Question: Does this Prius insist upon buring gas just simply to warm up the engine after you fire it up? Yes, yes, I understand why they do this: The Prius' power-split-device-based drive system means that the engine turns over most of the time that you're not a complete stop, even if it doesn't get fuel or spark. So they decided that you have to warm up the oil or the engine will suffer excessive wear and cause drag. In this particular case, however, where the real benefit is that short trips (and I for one make a lot of very-short trips to the grocery store and such) use hardly any gas at all. If they do insist on warming up the engine, it would pretty nearly negate any benefit, it would seem.
A few months ago, I read a very-interesting book called "Electric Vehicle Technology Explained" - a very good wrap-up (although slightly out-of-date) of EV technology. Probably about a third of the book was about various battery technologies.
Short summary, battery deterioration over time can comes, mainly, from two sources: heat and overcharging, both of which can cause electro-chemical degrade over time. I'm pessimistic about Nissan's claim that the Leaf's battery doesn't need any form of cooling system. Chevy and Tesla seem to be convinced that very considerable cooling systems are critical. The fact that Nissan designed its battery in modules makes me wonder if they anticipate a need for it to be replaced over time, and tried to reduce the impact by allowing you to replace only portions of it. I don't know, but I just have to wonder...
For whatever it's worth, my 2009 Prius' NiMH has a very-definite, but simple, cooling system - just convection cooling. Existing-Prius batteries have a long history of not showing very much degrade over time. This new one, however, uses an all-new chemistry, and presumably a different architecture, which could affect the effects of overcharging, a certain amount of which is unavoidable (unless you put the cells of the batteries purely in parallel, which is not realistic).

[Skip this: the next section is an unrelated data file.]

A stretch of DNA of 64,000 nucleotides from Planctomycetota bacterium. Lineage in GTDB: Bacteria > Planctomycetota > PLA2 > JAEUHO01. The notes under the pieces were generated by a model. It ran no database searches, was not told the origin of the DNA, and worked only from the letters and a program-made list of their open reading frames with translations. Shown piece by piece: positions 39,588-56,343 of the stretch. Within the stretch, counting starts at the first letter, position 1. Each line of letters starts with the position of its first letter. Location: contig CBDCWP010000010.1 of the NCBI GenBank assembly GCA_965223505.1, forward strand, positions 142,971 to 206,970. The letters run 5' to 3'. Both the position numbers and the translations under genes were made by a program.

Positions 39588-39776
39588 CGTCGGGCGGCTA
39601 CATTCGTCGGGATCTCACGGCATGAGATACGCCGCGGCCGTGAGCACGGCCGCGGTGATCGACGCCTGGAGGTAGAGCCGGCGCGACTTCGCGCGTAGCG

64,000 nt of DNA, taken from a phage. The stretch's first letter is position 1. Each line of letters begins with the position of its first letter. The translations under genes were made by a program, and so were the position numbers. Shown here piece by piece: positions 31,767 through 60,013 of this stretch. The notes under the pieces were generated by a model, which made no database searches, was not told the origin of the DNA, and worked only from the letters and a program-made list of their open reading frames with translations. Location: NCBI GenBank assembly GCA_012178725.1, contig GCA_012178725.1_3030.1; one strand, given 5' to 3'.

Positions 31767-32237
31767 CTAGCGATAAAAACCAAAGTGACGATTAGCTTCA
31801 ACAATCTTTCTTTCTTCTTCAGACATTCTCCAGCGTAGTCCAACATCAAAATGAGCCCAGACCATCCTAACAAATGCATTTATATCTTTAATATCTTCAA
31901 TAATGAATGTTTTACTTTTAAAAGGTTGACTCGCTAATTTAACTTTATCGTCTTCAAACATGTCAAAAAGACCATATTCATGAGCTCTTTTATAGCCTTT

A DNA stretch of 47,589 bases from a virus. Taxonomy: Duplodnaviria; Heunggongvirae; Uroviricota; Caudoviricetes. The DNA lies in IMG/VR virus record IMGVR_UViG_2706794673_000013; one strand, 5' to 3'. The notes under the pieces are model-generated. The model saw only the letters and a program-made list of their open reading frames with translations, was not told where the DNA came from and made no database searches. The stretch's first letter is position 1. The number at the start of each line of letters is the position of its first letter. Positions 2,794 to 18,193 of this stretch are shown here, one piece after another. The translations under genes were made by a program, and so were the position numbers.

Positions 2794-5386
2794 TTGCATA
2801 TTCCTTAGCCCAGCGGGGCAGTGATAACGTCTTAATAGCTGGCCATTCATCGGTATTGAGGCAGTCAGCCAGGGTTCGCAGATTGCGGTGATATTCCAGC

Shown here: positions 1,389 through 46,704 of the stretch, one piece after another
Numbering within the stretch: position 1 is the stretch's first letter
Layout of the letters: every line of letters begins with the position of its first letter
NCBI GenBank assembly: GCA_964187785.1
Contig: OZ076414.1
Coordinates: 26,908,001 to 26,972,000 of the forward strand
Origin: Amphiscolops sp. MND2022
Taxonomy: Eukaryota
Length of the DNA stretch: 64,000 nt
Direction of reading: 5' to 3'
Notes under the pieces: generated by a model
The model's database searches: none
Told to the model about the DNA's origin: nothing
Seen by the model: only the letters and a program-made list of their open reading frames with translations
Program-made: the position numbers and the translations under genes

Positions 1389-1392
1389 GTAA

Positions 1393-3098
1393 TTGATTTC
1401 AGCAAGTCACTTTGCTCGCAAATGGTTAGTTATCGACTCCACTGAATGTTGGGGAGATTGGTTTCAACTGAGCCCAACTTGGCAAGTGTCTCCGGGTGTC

My personal guess would be that it won't degrade much over time, but I don't have any really specific information to base that guess upon.
Looks pretty cool, Chuck. Question for you: My dad owns the original Prius. Any sense of whether this new offering would compel an existing Prius owner like him to want to trade up to the new model or whether this is more a play for attracting new Prius converts?
Hey Chuck, one thing I've wondered about with these batteries is whether there is deterioration over time. After months or years of recharging, will they lose the 13-mile reach? I would think the battery would become less powerful after countless recharges. How do these vehicles hold up in general over the long haul?
Jenn: I didn't time it myself, but the time is generally assumed to be around ten seconds. The acceleration characteristics of the this vehicle aren't great, but they are no worse than the conventional Prius. The electric powertrain provides about 60 kW. But if you're accelerating full-on, then you'll need about 120 to 150 kW, so the Prius Hybrid Synergy Drive has to kick in to make up the difference.
A half century ago, cars were still built by people, not robots. Even on some of the countryís longest assembly lines, human workers installed windows, doors, hoods, engines, windshields, and batteries, with no robotic aid.